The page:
• Squire’s Rest – Built in 1920 in Barretville, the cottage was the home of Paul Barret, a well-known banker, merchant, political and civic leader in Shelby County. The Craftsman Bungalow was once the center of a working farm and the property still has a historic barn, washhouse, and smokehouse. Barret was called “squire” as a result of his service on the Shelby County Quarterly Court – the predecessor to the Shelby County Commission from 1942 to 1966. The Barretville Bank & Trust, which he co-founded, was one of the most successful rural banks in Tennessee. Politically, Barret was an active participant in Boss Crump’s organization.

  • Southern Railway Industrial Historic District (Shelby County) - Located adjacent to the Southern Railroad on Orleans, Linden, and Beale streets, the district contains nine buildings, four outbuildings or secondary buildings, and two structures. All of these are late 19th to mid-20th century industrial properties associated with the commercial and industrial history of the city, particularly transportation and power. In addition to the railroad “subway”, the district has buildings related to Memphis power companies. Because of the juxtaposition of rail lines and road, this location was considered ideal building sites for both business and industry.

  • Triangle School – The Triangle School was built in 1938 by local carpenters in the rural community of Fairview. The frame, weatherboard school building was built as part of Williamson County’s efforts to consolidate many of the area’s one-room schoolhouses. Like many rural schools, the building was also used for community events, agricultural extension agents, and political rallies. A moveable partition divided the front room into two classrooms, or it could be opened for larger events. Smaller rooms were situated at the back of the building.

  • Lebanon Woolen Mills – The complex of buildings on Maple Street in Lebanon (Wilson County) represents the industrial and labor history of the community. The 1909 mill building, 1941 coal storage building, and 1947 office building are fine examples of commercial and industrial design. First producing wool blankets, and later acrylics, the mill prospered and grew – with additions to the main building reflecting this. Lebanon Woolen Mills was a major employer and had a huge impact on the economy of the region. It ceased operation in 1998 and is currently being rehabilitated as a multi-use commercial property.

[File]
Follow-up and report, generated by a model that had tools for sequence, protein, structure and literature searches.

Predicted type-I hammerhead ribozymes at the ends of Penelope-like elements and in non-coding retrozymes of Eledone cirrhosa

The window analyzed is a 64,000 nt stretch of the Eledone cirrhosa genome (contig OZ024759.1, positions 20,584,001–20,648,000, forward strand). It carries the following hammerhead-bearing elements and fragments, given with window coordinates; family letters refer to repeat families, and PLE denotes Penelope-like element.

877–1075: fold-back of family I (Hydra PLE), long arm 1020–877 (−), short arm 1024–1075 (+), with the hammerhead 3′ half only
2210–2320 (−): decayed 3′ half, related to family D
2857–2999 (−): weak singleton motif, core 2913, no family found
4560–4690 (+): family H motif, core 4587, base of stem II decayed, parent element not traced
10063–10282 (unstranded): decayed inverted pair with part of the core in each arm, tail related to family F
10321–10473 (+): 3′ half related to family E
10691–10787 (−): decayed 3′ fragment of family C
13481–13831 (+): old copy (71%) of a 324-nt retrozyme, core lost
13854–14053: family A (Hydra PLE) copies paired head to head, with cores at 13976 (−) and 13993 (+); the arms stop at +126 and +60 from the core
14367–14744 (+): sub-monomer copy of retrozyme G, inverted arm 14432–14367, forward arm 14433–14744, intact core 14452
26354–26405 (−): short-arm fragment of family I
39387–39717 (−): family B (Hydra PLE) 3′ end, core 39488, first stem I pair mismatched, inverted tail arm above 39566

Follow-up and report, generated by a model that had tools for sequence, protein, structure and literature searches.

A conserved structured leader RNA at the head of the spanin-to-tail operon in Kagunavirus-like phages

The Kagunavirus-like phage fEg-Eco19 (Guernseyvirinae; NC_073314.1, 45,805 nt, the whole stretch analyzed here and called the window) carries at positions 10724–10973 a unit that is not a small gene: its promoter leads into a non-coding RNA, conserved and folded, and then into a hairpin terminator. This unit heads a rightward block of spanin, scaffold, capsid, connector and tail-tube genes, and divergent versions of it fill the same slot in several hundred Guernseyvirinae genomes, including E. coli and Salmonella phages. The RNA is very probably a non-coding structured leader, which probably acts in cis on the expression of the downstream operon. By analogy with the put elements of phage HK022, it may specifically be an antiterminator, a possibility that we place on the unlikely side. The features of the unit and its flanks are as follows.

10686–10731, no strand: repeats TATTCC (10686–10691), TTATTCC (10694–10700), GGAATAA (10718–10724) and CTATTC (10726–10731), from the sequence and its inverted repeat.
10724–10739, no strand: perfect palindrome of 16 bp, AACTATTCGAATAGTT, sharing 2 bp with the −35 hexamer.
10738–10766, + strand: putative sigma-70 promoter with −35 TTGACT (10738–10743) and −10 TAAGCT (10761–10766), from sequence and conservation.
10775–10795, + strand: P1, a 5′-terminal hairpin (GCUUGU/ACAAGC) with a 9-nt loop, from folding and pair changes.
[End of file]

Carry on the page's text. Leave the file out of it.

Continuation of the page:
• Pocahontas School - Located in the community of Pocahontas (Hardeman County), the school was built in 1924 and expanded in 1957. It was the main elementary school for the community and served in this capacity for more than forty years until it closed in 1967 as part of school consolidation. In addition to being used for classes, Pocahontas School was used for community events. The style of the schoolhouse is a good example of a Craftsman-influenced design.

  • Settlement School Community Outreach Historic District - The four historic buildings and one historic site that comprise the district are important to the educational history, social history, and architectural history of Gatlinburg (Sevier County). Now known as the Arrowmont School of Arts and Crafts, the school is an example of how a fraternal organization brought arts and craft education to the mountains of rural East Tennessee. The earliest building in the district dates to circa 1807 and the most recent are from the 1940s. Another district associated with the settlement school, the Settlement School Dormitories and Dwellings Historic District is already listed in the National Register.

For more information about the National Register of Historic Places or the Tennessee Historical Commission, please visit the Web site at

For more information contact:

Meg Lockhart
Office (615) 253-1916